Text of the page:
On the strength of the series, “yacht rock” is now a legitimate subgenre of music criticism—it already has its own Wikipedia entry–and a bona fide fad among twentysomethings who show up in captains’ hats at “yacht rock” parties and at the artists’ concerts (though none were, thankfully, visible at the recent Steely Dan date in Jones Beach, which featured mostly Long Island boomer couples quietly getting stoned and the odd high-school-age progressive-rock fanatic enjoying Walter Becker’s many meandering guitar solos).
Why has the show touched such a nerve? “I have no idea,” Mr. Ryznar said. “It’s weird. It’s so weird. The best theory is that people dismiss the music that we talk about. Even if they like it, it’s been dismissed and not thought about too much. I think what Yacht Rock does is that it doesn’t really make fun of it, but it has fun with it, and it gives people an excuse to enjoy the music or give it a second chance. People remember their parents listening to it, and somebody from their generation says, ‘Hey, look, this is how you guys can like the music, too. We give you permission.’”
In other words, thanks to Yacht Rock’s gentle and affectionate mockery, our hipster elite finally has an excuse to groove to Hall & Oates and Michael McDonald without having to say they’re sorry. And therein lies the problem.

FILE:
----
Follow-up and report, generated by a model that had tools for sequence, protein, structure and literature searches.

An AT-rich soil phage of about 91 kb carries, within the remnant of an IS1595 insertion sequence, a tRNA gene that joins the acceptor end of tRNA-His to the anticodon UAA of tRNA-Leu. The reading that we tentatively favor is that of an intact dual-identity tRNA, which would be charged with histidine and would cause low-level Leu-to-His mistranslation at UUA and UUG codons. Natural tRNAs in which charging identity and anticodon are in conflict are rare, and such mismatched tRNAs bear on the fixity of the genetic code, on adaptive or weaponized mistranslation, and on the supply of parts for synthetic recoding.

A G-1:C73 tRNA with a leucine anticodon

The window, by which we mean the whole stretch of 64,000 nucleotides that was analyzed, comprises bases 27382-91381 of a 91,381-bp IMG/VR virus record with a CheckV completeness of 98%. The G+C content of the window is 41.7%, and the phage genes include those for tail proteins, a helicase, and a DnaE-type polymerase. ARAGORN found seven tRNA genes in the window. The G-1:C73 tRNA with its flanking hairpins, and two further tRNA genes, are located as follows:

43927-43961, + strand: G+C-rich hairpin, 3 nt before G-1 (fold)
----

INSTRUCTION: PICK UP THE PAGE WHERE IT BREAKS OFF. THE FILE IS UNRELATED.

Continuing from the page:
For a while now, well-crafted pop music has been relegated to the status of guilty pleasure—those with real taste are supposed to like difficult, obscure and “authentic” music. It’s not easy having to constantly apologize for one’s taste, so, for the most part, soft rock has stayed in the background. “It’s one of those guilty pleasures that a lot more people have,” said Steve Huey, a character actor and former rock critic who plays the show’s host, “Hollywood Steve.” “It’s not something people talk about. It’s the kind of music that’s never gotten much critical respect because it’s not edgy, not aiming to change the world, not fitting the conventional rock-critic notion of wild abandon and raw energy. It’s never gotten the respect for being good, well-crafted music; it doesn’t help somebody to project that sort of image. But it touched a nerve with people who do like this music and never had an avenue to express it.”